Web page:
Don’t take that sense of community for granted, either. It’s not some liberal arts claptrap that focuses on warm and fuzzies and ignores the practical realities of taking the family to a baseball game. Baseball, more than any other sport, is one that weaves itself into our day-to-day lives. Our football teams play one game a week, and we spend days preparing for it, set time aside, and devote that whole day to rooting for our team. We become slightly different people because we can afford to for just one day a week.
Baseball is happening far too often to let us do that for every game. When there’s a game happening nearly every day for six and a half months, it fades to the background most of the time. We have it on TV while we do the dishes. We walk by the stadium and hear fireworks and a roaring crowd. As a result, baseball becomes like a painting or photograph that was hung in our home growing up. We tie it inextricably to a time and place; a feeling. It’s part of the story of our life.
I’ve written before about how Minute Maid can feel like a cozy neighborhood dive bar under the right conditions. Ticket prices have gone up, and there are more people at games now. But you can still grab tickets for $5-$10, and — shh, don’t tell anyone — go sit wherever you feel like.
You know what else? Dallas doesn’t have the weather to watch baseball outside either. Difference is, they didn’t seem to realize this after 20 years in Arlington Stadium and 22 subsequent years at Globe Life. It has only just now occurred to ownership that a retractable roof would be swell for the hot summer months when people are actually in the stadium. And heck, while we’re at it, let’s just give the whole thing a re-do. $1 billion should do the trick.
Ok, so they’re not asking Arlington taxpayers to pay a full billion. They just need $500 million from the taxpayers, and they’ll get the other half. Well, they say “get the other half”, but actually 30% of the $500 million they’re on the hook for will come from an extension of the sales tax that’s paying for AT&T Stadium and a “parking and admission tax”. So, in other words, the taxpayers will pay for 80% of the $1 billion.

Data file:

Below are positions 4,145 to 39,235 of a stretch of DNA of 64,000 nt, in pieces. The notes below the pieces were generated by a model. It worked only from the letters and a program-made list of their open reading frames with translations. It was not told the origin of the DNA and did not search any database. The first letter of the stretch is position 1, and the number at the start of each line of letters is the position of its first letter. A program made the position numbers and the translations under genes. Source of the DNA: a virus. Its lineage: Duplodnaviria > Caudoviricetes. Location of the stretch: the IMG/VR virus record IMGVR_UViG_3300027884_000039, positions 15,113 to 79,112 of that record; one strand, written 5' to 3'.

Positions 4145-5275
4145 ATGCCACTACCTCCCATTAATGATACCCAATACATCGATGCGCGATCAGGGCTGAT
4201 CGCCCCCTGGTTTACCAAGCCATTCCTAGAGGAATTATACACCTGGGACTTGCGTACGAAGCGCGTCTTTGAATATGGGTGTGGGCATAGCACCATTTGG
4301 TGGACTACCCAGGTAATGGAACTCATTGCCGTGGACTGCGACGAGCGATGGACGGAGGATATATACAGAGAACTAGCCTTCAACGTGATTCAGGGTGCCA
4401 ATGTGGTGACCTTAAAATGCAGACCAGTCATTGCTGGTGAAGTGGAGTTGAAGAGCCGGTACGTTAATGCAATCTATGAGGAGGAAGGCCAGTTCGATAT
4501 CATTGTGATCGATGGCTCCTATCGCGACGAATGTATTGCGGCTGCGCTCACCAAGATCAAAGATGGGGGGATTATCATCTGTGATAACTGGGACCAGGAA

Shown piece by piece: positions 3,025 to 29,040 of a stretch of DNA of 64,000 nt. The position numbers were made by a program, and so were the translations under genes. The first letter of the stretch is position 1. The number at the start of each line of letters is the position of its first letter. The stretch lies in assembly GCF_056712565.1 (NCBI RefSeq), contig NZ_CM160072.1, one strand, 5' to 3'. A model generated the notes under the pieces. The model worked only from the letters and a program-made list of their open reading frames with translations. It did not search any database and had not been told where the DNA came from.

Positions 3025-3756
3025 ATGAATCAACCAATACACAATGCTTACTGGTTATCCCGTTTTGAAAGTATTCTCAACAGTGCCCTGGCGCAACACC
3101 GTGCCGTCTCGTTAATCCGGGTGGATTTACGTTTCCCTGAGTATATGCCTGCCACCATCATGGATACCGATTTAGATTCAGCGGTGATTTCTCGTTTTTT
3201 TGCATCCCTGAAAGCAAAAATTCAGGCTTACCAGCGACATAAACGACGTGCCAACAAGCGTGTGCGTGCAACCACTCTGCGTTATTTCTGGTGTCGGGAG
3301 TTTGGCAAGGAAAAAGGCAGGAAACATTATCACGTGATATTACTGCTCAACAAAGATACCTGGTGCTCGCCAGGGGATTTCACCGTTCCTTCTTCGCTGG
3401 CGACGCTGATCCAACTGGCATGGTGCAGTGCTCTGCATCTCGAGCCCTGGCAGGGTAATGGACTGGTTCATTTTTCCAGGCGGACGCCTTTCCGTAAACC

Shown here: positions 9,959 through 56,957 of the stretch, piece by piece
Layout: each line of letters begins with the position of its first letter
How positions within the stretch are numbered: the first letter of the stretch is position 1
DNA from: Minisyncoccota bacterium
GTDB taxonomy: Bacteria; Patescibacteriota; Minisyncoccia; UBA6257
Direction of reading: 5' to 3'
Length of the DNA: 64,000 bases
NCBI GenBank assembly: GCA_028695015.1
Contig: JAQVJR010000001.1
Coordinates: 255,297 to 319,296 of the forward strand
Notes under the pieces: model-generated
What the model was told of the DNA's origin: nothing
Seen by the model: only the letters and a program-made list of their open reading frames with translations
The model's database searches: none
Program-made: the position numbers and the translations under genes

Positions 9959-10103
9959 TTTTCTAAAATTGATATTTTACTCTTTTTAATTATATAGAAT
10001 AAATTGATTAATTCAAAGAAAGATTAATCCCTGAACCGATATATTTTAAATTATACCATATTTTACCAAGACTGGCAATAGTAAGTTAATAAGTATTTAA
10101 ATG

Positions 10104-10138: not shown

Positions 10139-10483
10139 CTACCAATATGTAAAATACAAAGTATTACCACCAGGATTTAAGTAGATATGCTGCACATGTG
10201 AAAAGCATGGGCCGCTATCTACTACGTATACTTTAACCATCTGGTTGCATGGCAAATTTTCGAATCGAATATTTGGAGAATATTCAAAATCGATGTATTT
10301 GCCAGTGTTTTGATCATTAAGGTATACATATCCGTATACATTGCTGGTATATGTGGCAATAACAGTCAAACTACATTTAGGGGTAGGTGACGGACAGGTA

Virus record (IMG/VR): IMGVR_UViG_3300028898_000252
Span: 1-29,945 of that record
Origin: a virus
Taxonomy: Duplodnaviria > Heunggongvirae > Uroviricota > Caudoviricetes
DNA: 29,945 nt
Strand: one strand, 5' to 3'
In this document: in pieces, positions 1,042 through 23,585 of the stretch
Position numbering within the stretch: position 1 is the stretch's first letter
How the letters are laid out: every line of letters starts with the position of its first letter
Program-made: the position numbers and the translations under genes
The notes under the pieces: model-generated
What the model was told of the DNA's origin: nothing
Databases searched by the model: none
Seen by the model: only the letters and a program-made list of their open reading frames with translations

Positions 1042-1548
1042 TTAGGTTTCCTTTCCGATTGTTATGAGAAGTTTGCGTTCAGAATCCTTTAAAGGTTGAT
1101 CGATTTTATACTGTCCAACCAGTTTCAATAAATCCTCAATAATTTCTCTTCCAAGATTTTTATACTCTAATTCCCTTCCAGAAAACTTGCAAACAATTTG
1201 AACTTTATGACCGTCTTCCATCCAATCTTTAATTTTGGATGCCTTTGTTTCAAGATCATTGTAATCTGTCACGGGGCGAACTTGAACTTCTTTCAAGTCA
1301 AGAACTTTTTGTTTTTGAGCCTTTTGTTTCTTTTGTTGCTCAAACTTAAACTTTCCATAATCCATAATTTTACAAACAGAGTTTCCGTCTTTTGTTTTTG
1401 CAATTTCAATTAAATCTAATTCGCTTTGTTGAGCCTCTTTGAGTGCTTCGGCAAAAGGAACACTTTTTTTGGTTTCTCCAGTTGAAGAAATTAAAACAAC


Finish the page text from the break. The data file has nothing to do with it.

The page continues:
Let’s not pretend that Minute Maid was built on pure corporate altruism. You and I paid a lot for it. But that’s every stadium. The best deal taxpayers have gotten on a baseball stadium still costs the city millions in tax breaks on the land. But it is pretty rich that the Rangers will cry that their stadium is obsolete when the architect that built it did so in a way that would make it last 100 years.
So take heart. This might not turn out to be the wonderful season we all thought it would be. There’s a non-zero chance we’ll have to watch the Rangers go much further in the playoffs than we like. But we can take some small measure of solace in the fact that our team truly belongs to Houston. It’s our team, because they live with us. They are us. That’s something you can’t put a price tag on.